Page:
Financial Forecast Follies
A second category of expected activities to boost growth prospects is structural: entering into joint ventures (41%), acquiring physician practices (38%), and acquiring or merging with other hospitals or health systems (27%).
We wrote recently about M&A strategies for small hospitals, which are particularly vulnerable in the current climate, but the ongoing trend toward consolidation affects healthcare organizations of all sizes and types.
So with industry income likely to drop, and an increasingly competitive market in which to create new sources of revenue, are healthcare leaders despondent about their prospects in 2013? Well, no. A majority of Industry Survey respondents expect positive (45%) or strongly positive (10%) financial results this year. Another 30% say their financial results will be flat. Only 12% say the 2013 forecast is negative (9%) or strongly negative (3%).
This math doesn't seem to add up. It's unlikely that a majority of organizations will be immune from a negative climate. Can healthcare leaders really expect bad things to happen only to other organizations?
A clue to this seeming paradox may lie elsewhere in the HealthLeaders Industry Survey. We asked the respondents for their take on the state of the industry. The top choice was that it's on the wrong track—chosen by 39%. Nearly a third (32%) say the industry is on the right track, and 28% aren't sure.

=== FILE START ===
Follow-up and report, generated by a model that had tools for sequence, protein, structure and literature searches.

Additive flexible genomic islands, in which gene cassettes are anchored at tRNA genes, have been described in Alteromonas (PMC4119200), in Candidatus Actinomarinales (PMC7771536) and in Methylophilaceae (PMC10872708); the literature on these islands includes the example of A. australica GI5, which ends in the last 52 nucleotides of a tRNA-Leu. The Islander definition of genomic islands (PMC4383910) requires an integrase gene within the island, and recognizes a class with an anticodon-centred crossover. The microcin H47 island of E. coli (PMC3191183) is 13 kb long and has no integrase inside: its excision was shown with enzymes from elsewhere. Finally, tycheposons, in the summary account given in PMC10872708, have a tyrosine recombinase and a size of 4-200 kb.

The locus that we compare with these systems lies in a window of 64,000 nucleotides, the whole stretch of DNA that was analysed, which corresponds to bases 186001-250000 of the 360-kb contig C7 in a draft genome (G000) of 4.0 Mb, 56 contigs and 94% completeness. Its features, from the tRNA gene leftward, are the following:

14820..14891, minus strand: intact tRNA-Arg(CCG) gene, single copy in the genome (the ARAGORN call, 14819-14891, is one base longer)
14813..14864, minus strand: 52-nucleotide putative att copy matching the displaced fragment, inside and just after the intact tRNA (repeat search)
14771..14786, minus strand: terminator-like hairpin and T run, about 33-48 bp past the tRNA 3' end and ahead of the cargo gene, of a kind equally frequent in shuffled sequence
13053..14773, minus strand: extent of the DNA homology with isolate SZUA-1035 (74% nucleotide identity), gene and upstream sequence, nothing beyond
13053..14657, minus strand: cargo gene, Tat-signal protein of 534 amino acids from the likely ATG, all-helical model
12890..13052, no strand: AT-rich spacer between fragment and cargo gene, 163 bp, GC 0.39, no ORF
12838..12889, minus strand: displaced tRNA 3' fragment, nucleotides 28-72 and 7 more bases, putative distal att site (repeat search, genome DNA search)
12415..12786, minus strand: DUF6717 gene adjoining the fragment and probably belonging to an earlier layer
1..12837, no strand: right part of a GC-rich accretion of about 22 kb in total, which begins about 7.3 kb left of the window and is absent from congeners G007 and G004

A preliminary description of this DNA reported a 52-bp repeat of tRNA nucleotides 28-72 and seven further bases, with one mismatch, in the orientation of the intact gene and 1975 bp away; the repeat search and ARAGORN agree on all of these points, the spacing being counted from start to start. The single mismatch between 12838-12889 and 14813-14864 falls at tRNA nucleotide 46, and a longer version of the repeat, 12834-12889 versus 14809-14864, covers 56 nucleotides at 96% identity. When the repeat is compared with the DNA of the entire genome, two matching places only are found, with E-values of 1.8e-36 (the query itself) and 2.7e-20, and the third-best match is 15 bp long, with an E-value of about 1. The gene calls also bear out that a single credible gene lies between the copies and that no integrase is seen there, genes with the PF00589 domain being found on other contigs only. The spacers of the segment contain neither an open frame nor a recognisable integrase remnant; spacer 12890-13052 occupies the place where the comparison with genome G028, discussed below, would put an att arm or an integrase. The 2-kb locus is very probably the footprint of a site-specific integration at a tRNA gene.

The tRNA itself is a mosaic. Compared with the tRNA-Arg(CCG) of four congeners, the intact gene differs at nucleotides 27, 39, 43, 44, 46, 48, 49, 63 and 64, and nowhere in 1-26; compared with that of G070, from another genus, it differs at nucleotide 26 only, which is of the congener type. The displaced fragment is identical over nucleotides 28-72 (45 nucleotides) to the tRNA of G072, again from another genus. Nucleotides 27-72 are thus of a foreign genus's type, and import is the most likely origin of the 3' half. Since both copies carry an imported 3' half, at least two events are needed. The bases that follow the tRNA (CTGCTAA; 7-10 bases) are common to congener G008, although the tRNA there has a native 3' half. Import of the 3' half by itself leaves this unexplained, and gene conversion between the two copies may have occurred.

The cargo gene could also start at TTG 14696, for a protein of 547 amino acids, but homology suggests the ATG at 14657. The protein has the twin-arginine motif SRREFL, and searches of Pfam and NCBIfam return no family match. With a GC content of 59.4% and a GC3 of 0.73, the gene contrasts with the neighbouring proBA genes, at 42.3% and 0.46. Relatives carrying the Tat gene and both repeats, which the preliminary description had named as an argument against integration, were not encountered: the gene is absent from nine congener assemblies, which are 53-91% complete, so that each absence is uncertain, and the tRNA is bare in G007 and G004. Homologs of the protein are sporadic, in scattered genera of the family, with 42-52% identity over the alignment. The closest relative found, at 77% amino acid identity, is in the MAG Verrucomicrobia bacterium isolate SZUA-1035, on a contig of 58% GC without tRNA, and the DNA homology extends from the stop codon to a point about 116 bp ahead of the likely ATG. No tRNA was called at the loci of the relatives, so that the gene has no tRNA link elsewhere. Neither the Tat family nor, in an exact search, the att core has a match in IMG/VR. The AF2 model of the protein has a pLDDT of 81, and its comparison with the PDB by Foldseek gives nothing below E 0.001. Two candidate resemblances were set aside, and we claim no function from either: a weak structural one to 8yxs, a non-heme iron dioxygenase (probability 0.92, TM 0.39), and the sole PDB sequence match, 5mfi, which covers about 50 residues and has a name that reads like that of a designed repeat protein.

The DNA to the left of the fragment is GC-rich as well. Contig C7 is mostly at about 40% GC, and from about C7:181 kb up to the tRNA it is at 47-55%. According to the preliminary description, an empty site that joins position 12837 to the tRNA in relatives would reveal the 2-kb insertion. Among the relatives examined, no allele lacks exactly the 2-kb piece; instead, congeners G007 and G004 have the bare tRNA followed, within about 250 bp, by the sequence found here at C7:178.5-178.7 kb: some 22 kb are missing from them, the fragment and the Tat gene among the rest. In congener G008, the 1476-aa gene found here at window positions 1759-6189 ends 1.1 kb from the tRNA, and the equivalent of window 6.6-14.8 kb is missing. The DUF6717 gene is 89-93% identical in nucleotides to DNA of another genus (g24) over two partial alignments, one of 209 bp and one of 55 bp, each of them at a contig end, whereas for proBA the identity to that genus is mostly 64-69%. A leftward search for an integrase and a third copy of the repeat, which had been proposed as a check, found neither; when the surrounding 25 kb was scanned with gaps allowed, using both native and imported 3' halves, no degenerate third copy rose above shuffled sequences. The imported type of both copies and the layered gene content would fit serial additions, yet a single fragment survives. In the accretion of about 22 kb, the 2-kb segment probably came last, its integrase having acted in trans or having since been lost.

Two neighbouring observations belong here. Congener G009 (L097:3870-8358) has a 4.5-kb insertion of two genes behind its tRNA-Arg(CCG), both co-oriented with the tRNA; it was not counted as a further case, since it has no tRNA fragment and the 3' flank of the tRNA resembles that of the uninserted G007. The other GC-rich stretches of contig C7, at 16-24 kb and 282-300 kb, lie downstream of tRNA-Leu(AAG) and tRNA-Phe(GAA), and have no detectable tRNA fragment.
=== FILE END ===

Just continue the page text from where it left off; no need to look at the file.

Yet when asked about the state of their own organizations, the respondents overwhelmingly (71%) say they're on the right track! Only 14% believe they're on the wrong track, and for another 15% the jury is still out.
Healthcare leaders seem to have confidence in themselves and their own organizations—that's good. But it would be bad to be caught off-guard by overly optimistic forecasts. It's not too late for healthcare leaders to adopt a new resolution for 2013: take an honest look at reliable income, accounting for likely lower reimbursements.
Edward Prewitt is the Editorial Director of HealthLeaders Media.
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